New Combination Treatment Holds Promise for Treatment of Breast Cancer Brain Metastasis
By BCRF | June 7, 2016
By BCRF | June 7, 2016
Metastasis, when cancer cells leave the breast and spread to other sites in the body, is the major cause of mortality from breast cancer. Common sites of breast cancer metastasis are bone, lung, liver and brain. Cancers that spread to the brain are particularly challenging as the blood brain barrier can block transport of cancer drugs and create a safe haven for tumors to grow.
When HER2-positive breast cancers spread, they often spread to the brain and these tumors represent one of the greatest clinical challenges in treating HER2-positive breast cancer. In a new article published in Nature Medicine, a team of BCRF investigators report that a promising drug combination was highly effective at stopping human HER2-positive breast cancer brain metastases (BCBMs) in experimental models.
Drs. Jean Zhao, Charles Wang, Dirk Iglehart, Ian Kropp, Eric Winer and Nancy Lin from the Dana Farber Cancer Institute have been working together to devise a laboratory model of human brain metastasis to test potential new therapies for this devastating disease. The models, called PDX are developed from human tumors that are grown outside the body. The PDX resemble the human tumors from which they were derived in their expression of hormone receptors and HER2, as well as gene mutation profiles, and had the same drug sensitivity or resistance that the patient’s tumor exhibited in the clinic.
In the process of testing a number of different drug combinations, the research team discovered a very unexpected combination of drugs that was very effective against the PDX tumors. The drugs, called BKM120 and RAD001 were originally included as negative control in the experimental design. As expected, when either drug was used alone, it had no effect on growth of the PDX tumors, but when the research team combined the drugs, they saw a dramatic inhibition of tumor growth and an increase in tumor cell death.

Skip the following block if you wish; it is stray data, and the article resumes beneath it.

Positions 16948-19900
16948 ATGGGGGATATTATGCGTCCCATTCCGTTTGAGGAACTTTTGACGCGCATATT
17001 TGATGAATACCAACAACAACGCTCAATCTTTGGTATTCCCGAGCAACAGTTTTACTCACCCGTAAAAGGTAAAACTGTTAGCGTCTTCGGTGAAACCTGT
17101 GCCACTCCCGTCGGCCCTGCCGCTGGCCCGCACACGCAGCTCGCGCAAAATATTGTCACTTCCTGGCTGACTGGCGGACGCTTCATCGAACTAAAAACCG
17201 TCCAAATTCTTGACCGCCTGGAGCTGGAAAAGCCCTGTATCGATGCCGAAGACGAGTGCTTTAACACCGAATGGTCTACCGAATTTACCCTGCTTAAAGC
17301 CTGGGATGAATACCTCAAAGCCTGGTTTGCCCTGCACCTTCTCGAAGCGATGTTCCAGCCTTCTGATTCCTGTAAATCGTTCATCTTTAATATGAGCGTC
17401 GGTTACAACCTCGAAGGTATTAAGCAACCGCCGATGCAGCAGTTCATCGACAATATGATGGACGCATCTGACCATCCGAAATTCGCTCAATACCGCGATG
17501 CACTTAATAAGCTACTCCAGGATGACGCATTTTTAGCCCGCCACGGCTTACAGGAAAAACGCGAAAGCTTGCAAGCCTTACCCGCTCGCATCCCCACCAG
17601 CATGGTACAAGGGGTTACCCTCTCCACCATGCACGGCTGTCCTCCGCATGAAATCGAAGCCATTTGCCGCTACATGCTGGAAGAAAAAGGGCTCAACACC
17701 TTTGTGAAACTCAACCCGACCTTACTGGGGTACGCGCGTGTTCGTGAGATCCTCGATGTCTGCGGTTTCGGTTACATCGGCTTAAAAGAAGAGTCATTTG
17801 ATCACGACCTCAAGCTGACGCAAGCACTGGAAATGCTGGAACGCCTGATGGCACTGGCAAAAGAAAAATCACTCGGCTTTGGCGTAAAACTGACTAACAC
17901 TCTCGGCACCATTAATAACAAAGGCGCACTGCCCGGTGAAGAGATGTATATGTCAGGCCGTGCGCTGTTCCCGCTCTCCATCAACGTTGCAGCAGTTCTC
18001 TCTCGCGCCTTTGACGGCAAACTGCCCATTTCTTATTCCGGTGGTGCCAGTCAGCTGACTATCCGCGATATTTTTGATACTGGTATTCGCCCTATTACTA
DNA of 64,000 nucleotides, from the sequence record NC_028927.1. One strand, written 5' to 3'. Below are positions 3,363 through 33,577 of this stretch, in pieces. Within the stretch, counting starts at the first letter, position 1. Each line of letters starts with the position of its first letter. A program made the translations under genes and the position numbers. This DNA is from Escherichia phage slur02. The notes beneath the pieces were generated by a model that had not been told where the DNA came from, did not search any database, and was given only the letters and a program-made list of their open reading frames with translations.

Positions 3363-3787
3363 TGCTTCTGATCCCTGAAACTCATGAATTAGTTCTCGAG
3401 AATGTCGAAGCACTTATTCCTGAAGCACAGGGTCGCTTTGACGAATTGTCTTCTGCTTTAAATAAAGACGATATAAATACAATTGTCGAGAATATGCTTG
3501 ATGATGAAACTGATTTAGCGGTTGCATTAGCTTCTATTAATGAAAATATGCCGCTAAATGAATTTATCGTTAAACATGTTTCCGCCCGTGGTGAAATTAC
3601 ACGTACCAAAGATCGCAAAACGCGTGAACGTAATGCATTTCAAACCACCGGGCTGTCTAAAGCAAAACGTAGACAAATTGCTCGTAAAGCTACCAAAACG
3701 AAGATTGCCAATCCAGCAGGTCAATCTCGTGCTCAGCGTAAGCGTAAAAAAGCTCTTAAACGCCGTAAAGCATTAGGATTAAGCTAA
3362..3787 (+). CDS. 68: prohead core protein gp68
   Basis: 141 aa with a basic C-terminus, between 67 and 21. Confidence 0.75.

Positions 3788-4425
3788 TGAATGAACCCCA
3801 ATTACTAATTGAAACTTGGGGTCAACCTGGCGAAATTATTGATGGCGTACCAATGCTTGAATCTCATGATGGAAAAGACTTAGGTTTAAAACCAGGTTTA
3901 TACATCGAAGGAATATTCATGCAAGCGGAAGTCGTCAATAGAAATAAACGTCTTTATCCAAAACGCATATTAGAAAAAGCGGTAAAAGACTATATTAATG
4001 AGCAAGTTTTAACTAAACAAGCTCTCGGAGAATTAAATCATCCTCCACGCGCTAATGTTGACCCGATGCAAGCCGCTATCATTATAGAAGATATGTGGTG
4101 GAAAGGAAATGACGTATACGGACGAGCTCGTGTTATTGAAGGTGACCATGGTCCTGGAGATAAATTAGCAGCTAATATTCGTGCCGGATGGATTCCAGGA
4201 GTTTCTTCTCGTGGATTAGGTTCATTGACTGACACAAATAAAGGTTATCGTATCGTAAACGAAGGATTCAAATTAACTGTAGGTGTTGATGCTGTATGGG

Importantly, the treatment did not work the same for all PDX tumors. The tumors with a high mutation profile – meaning there were sections of the DNA with a high density of gene mutations – were less likely to respond to the therapy than tumors with fewer mutations. The researchers believe that this finding may help to identify patients most likely to respond to the therapy.
While this study only included five patient PDXs, the findings were supported by other research, strongly suggesting that the combination of BKM120 and RAD001 could be a viable option for some HER2+ BCBM. Since both drugs are currently in clinical trials for advanced breast cancer, the therapy could advance quickly to patients. Read more about the study here.
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